Young artist Esraa Zidan has hit the local art scene with a resounding splash. Her exuberant paintings have a commonality; larger ladies. Not larger than life; just cheerfully chubby, delightfully rotund, pleasingly plump. Rubens would be in his element. Egyptian Artist Esraa Zidan
The immediate and positive response to Zidan’s work has been a validation of her decision to relate her own personal journey. In an age where plastic surgery and digital enhancement have created ‘ideal’ clones, it takes courage to step outside of the mold. Zidan has done this, with creative energy, undisputed talent and self-celebratory humor.
CWM: Although your paintings do not mirror the common Instagram ideal, their success sends a clear message. Did you expect so many people to relate?
It was because of Instagram and all its unrealistic beauty standards that I started thinking that I was not beautiful myself. I considered plastic surgery here and there in order to become beautiful. Then after doubting myself for long time, I started a collection of paintings that portray women in a very different form than on Instagram. The most important point is that I portrayed them feeling happy and satisfied!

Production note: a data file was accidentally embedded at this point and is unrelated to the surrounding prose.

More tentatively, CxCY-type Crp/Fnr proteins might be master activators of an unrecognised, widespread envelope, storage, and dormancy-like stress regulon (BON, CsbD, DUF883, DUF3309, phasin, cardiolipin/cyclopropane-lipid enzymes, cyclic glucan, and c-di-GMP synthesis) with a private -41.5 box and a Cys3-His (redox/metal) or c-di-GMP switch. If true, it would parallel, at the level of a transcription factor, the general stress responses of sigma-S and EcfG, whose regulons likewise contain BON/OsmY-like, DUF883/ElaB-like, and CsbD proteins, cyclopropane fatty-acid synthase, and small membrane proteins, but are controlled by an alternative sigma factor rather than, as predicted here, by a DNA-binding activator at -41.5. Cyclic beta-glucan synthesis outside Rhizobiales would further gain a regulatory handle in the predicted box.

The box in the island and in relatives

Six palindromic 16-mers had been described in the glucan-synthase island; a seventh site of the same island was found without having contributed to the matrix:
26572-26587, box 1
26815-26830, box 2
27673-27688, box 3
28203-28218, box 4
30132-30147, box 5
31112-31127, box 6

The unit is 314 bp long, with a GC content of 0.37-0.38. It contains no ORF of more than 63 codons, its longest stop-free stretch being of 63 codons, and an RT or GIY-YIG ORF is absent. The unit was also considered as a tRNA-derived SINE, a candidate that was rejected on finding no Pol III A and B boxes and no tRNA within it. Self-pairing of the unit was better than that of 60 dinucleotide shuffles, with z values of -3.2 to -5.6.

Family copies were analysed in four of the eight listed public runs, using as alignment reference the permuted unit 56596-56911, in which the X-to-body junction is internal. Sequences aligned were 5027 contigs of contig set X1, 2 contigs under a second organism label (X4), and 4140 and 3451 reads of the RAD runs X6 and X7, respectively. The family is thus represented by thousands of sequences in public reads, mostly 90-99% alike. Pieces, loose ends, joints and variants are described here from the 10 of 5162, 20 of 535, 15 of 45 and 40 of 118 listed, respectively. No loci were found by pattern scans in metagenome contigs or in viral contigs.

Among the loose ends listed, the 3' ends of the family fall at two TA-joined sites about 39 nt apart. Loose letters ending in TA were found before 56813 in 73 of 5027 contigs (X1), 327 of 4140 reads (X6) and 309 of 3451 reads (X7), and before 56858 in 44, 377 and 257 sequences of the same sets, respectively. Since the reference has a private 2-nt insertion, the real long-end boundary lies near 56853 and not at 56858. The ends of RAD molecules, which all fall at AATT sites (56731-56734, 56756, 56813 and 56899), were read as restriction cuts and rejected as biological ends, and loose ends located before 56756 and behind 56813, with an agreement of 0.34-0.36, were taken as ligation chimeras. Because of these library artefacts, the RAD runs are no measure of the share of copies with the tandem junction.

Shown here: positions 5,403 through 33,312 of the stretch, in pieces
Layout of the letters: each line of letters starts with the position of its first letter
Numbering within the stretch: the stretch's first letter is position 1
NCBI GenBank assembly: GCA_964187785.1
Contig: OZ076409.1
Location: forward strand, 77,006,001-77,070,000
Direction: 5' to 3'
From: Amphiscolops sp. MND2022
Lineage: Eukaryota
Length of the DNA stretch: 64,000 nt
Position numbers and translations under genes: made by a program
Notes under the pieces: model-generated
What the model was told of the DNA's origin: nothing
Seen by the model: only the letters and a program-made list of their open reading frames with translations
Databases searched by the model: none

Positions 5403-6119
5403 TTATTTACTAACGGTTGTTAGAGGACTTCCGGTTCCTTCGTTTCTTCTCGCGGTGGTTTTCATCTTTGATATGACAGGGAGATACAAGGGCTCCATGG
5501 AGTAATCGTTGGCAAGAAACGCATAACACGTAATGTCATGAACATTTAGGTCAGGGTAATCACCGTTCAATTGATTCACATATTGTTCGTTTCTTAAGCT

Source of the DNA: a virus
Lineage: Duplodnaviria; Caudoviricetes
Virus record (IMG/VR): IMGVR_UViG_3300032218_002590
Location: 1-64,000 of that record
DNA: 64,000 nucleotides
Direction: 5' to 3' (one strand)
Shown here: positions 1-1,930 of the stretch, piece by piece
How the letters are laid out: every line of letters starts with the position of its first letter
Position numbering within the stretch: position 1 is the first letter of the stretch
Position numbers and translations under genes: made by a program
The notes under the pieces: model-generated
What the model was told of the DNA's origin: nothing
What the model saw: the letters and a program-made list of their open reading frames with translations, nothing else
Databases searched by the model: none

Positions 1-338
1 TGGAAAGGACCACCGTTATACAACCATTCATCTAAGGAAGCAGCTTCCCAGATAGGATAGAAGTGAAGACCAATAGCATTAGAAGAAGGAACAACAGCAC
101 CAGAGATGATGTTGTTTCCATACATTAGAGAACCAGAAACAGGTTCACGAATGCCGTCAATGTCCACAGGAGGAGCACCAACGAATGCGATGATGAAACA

The feedback I got was overwhelming. I could hardly believe the amount of positive messages I got from women telling me how much they were suffering to accept how they looked, how desperate they were to be categorized as beautiful by so-called Instagram beauty standards. Only then did I decide to go on with my collection, I want every woman to feel accepted, satisfied and confident about how she looks.
What advice would you offer anyone facing self-image issues?
The only fact I know is this, if God wanted to create us all looking exactly the same, He would have done it. We are supposed to look different; we are supposed to be unique. And the world will see you as beautiful only if you start seeing yourself as beautiful first.
In today’s art industry, how can young artists receive support for their work? Egyptian Artist Esraa Zidan
To be honest, it is not easy at all to get noticed as an artist in Egypt. You need to make a phenomenal effort or have good connections. As for me, I didn’t have either. But what got me the needed attention was the audience who sincerely liked my artworks and kept asking galleries about my paintings. Then the galleries started noticing me.
But from my side now, I am trying my hardest to give support to young artists and to help them become noticed, to shorten the path so they can start to live completely for their art.